"I get it when industry opposes regulations," said Senator Wiener in response. "But to so vociferously oppose literally just saying what your carbon footprint is should give us pause about how serious some companies are about climate."
Also, "I'm really disappointed in the Chamber of Commerce, because they are objecting to an amendment that we negotiated with them," he added. "Originally the bill required accuracy" for Scope 3 emissions, or lifecycle emissions from the products a company uses as inputs, which can be tricky to trace. "We worked out an amendment allowing them to use formulas and estimates, which is a normal part of Scope 3 reporting," he said.
"Now they're criticizing that amendment as not being exact enough. I had to call that out because that is not how we should be negotiating legislation in this building," said Senator Wiener.
"Some of the largest companies are already doing it," he added, naming Kraft, Walmart, and Texaco as examples. "Let's have them all do it."
The bill passed with seven votes, and now heads to the Assembly Judiciary Committee.
CEQA Exemption for Student Housing at Public Universities
Senator Wiener also successfully argued for another CEQA exemption, this one for student housing when certain conditions are met. S.B. 886 met with some impassioned opposition from representatives of two small cities that host large UC student populations: Goleta, near UCSB, and Santa Cruz. The representative from Goleta objected that the bill's cap on the number of units qualifying a development for the exemption is too high. The location of most UCSB student housing is being wedged between a wetlands and the airport, and adding an additional four thousand new students concentrated into one housing development would increase the population of that area by more than twenty percent, he said, adding that it could not be easily absorbed.
The representative from Santa Cruz said that the city and the university have been working hard on solutions to housing their students, but that without CEQA the city would lose "opportunities to address issues like transportation impacts."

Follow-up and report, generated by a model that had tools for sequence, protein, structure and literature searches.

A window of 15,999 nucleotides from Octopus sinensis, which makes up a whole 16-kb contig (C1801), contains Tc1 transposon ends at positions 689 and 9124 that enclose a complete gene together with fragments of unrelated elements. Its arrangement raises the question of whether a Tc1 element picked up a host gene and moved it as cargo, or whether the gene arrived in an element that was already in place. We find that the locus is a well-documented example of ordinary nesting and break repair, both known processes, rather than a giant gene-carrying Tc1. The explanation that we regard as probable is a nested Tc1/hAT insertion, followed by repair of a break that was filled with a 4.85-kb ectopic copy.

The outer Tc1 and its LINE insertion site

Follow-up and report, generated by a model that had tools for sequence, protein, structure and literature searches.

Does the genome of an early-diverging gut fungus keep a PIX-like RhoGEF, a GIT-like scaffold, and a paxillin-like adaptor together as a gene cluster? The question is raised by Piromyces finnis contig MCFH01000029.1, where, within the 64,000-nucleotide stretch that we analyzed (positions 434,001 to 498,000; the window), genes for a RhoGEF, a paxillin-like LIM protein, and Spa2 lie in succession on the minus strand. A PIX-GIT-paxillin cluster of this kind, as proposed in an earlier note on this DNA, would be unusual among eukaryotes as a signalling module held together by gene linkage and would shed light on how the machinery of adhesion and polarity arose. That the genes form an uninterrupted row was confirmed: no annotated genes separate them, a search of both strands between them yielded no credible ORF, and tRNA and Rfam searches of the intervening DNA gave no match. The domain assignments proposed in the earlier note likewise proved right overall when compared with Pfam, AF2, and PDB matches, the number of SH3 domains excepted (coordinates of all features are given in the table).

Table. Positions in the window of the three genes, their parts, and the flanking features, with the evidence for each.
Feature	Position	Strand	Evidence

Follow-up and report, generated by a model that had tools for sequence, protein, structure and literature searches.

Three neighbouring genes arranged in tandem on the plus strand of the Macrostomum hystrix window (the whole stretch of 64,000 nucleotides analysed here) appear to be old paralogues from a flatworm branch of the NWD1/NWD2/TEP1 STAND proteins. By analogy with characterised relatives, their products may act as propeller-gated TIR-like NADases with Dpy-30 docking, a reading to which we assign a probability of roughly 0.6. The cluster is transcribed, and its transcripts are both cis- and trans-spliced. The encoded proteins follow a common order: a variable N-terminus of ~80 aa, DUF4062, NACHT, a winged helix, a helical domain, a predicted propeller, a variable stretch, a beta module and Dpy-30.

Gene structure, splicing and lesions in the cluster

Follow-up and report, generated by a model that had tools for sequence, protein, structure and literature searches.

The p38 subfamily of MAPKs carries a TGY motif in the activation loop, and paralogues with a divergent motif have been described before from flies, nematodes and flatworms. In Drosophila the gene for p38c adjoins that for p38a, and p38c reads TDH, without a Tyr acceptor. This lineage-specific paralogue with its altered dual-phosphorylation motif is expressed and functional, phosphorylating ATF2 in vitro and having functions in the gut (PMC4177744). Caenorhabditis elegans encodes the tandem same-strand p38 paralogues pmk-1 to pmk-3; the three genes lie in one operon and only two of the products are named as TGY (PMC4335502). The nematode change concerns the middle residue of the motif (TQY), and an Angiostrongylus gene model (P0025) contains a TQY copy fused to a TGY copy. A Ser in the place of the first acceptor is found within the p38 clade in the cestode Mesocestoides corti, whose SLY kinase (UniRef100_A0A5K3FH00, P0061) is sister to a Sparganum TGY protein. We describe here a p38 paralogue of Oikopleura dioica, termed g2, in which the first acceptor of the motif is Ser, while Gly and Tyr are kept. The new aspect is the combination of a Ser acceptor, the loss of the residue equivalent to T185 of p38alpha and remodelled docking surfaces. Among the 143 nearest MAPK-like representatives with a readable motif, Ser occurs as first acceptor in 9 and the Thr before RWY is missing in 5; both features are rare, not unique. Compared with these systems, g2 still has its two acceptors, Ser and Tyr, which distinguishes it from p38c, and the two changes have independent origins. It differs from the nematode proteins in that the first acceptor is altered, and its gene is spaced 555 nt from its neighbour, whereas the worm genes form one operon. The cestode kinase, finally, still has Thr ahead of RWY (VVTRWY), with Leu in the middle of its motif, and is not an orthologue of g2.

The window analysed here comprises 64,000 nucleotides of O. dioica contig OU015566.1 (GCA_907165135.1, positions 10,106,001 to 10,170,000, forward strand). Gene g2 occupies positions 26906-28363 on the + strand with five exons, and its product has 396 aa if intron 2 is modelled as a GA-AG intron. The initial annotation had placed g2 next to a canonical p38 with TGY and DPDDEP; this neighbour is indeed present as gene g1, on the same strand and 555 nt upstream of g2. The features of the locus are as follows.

When asked again which are the major impacts from housing that CEQA would help address, both city representatives named transportation impacts.
The conversation took a broader philosophical turn when Assemblymember Al Muratsuchi (D-Los Angeles) asked Senator Wiener, "What's the point of having a law if we're just carving out exceptions to it?"
"I'd be hard pressed to name a major law that affects this many aspects of life," responded Wiener. He added that S.B. 886 requires any exempted housing project to be part of the university's Long Range Development Plan, and that the LRDP is still required to go through the CEQA process. That is, it just streamlines the process at the individual project level, for specific types of projects.
"At what point do we lose the integrity of the original law?" asked Muratsuchi.
"I don't think it affects the integrity of the law," said Wiener. "There are things - like housing - that are fundamental to human life. There's something odd about granting exemptions to stadiums but not for housing."
Also, he said, "The students are already there. Not having the housing doesn't mean these students evaporate; they're living in crowded conditions or in cars."
S.B. 886 passed with six votes, with four committee members (Assemblymembers Boerner Horvath, Cristina Garcia, McCarty, and Seyarto) abstaining.
Streetsblog California editor Melanie Curry has been thinking about transportation, and how to improve conditions for bicyclists, since her early days commuting by bike to UCLA long ago. She was Managing Editor at the East Bay Express, and edited Access Magazine for the University of California Transportation Center. She also earned her Masters in City Planning from UC Berkeley.